Folk can be strange, when you're out on the road With each night a new room, for to put down your load, But there's naught so outlandish, so not-what-it-appeared, As to stand on the floor of a club with no beard. When you entered the pub, well, it didn't look queer The publican, it seemed, was just glad to serve beer But the maid pouring sodas, that seemed a bit weird And then suddenly you realised: No-one there had a beard. The crowd, you found out, were all barely fifteen The most captivated audience, that you ever had seen And after each song, they hollered and cheered. A club packed with kids, no-one there with a beard. In the break they bought all the CDs that you had; Said they found you on Pinterest, on internet. And as could be expected: Then the smart phones appeared You were in ninety-two selfies of kids with no beard. Then they all said goodnight, and they left there and then For, they were too young to drive, and the bus left at ten Your biggest crowd ever, but the whole club had cleared They had left you behind in that club with no beard The break being over, you checked what to do But the place was deserted, not a soul there but you And you stood there and wondered, before you too disappeared: What a curious thing is a club with no beard. Well, folk can be strange, when you're out on the road With each night a new room, for to put down your load, But there's naught so outlandish, so not-what-it-appeared, As to stand on the floor of a club with no beard.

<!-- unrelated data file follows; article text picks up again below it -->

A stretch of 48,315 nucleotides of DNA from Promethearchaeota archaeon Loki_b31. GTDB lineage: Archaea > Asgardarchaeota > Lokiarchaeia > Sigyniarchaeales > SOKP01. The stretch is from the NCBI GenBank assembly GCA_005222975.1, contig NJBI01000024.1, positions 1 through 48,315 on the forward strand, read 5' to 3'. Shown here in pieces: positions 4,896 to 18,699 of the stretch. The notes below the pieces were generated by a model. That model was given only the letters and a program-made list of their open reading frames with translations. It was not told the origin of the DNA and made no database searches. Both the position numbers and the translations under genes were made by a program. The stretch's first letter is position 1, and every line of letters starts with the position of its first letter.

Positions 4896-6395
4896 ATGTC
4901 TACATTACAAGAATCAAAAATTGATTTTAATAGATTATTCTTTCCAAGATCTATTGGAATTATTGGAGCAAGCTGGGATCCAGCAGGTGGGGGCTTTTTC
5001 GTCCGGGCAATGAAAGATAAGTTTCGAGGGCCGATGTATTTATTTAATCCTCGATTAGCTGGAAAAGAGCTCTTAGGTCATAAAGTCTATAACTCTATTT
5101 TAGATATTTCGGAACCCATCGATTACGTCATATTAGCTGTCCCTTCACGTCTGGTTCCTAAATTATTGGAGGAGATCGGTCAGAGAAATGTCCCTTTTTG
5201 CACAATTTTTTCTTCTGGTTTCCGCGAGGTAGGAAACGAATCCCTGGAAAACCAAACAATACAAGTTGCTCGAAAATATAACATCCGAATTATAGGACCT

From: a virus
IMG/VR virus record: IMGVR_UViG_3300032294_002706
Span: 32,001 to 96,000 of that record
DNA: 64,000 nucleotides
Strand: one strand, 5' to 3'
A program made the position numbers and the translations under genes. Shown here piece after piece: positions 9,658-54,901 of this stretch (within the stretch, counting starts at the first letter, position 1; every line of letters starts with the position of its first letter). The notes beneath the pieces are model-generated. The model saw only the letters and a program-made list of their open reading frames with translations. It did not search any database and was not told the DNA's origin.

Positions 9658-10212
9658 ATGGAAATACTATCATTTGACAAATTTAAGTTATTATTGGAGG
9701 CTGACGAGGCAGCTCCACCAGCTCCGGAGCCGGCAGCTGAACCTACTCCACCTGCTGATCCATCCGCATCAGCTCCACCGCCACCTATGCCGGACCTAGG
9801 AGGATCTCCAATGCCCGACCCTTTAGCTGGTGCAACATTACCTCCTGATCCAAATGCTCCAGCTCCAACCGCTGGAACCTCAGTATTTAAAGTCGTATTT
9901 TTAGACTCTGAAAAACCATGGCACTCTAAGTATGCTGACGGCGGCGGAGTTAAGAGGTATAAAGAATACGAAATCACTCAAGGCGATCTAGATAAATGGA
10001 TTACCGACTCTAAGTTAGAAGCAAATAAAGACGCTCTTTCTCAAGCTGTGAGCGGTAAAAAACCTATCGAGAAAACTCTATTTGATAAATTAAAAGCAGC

A Mudcat song challenge to write a song Club with no beards lead me to key these words. They follow the structure of A Pub with no Beer, but the events are inspired by an encounter that folktalker Vin Garbutt recounted at Ely Folk Festival 2014.
last modified 21 March 2018; last updated 22 October 2017